Top Ten Things You Need To Know About Canada’s Anti-Spam Law
On December 15, 2010, the Canada’s Parliament passed Bill C-28 which is Canada’s anti-spam law (“CASL”). Despite becoming law nearly 3 years ago, it is likely not to come into force for at least another year, since the regulations intended to give the new regime operational detail have been in flux since the first draft regulations were made public in 2011 and CASL will not be proclaimed to be in force until such regulations are finalized. Industry Canada is expected to release revised regulations by mid-December 2013. Following the finalization of those regulations CASL will be proclaimed, coming into force sometime in 2014.
Here are the top ten things you need to know about CASL:
1. CASL’s Threshold Is Very Low: The basic prohibition contained in CASL is against sending a “commercial electronic message” , which includes all forms of electronic communication including e-mails, texts and instant messages as long as they encourage participation in a commercial activity, to customers, donors, members and others unless the recipient has consented to receiving the message.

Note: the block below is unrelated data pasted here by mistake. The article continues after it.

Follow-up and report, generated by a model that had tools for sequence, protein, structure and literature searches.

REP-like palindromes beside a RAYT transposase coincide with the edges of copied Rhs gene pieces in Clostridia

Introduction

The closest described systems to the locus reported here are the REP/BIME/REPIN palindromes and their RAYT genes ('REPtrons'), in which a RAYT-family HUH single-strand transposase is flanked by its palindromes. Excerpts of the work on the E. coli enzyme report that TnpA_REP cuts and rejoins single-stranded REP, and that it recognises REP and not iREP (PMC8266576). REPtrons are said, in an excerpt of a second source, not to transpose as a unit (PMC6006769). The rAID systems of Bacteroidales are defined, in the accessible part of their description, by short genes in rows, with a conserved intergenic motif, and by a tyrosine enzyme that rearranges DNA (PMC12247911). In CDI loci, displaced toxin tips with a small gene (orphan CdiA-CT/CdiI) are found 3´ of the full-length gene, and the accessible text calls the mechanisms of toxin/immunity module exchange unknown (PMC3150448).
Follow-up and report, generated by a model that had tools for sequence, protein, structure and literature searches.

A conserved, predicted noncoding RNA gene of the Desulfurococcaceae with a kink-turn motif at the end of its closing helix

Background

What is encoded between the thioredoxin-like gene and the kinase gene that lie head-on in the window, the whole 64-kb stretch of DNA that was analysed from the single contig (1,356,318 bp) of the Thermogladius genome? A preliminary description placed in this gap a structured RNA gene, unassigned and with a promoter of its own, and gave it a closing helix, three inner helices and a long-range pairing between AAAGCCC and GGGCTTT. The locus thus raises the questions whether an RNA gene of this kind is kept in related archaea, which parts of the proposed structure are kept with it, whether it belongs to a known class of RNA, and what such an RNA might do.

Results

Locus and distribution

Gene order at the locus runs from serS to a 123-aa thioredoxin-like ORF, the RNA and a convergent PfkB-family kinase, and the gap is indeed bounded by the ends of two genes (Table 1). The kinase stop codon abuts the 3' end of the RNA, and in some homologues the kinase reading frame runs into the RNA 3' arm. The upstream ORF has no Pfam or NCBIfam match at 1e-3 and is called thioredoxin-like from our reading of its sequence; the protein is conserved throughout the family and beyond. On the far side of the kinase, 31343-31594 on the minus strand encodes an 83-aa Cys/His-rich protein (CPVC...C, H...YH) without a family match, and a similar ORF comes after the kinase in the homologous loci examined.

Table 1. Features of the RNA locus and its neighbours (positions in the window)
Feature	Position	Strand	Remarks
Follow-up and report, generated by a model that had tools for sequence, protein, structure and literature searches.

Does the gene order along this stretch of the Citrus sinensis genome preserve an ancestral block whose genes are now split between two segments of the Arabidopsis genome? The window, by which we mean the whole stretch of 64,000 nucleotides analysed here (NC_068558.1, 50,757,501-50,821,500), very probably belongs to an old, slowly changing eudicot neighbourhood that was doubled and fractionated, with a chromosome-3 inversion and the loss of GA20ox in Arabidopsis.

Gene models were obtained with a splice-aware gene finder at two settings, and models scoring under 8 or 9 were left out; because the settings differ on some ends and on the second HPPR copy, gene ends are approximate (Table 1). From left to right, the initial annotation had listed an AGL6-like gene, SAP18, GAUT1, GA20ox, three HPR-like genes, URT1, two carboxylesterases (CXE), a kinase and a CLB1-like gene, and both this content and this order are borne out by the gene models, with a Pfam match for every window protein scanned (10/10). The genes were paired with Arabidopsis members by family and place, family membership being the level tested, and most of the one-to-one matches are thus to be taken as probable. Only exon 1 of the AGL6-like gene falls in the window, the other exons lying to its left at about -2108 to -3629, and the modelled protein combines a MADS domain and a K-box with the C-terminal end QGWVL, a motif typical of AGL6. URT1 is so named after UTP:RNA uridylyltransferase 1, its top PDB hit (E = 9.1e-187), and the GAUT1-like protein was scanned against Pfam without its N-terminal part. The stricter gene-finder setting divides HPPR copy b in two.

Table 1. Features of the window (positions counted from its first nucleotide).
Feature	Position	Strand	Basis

2. The Sweep of CASL Is Very Broad: Although CASL was conceived initially as a weapon to fight “spam”, its application extends to all businesses and non-profit organizations, regardless of whether the commercial electronic message sent by those organizations would ordinarily be considered “spam”.
3. Mandatory Content Will Be Prescribed: A compliant commercial electronic message must contain certain prescribed information, including the identity of the sender, the sender’s contact information and a readily-usable “unsubscribe” mechanism which must remain operative for 60 days from the date of the message. An unsubscribe request must be acted on within 10 days of it being made by a recipient.<//p>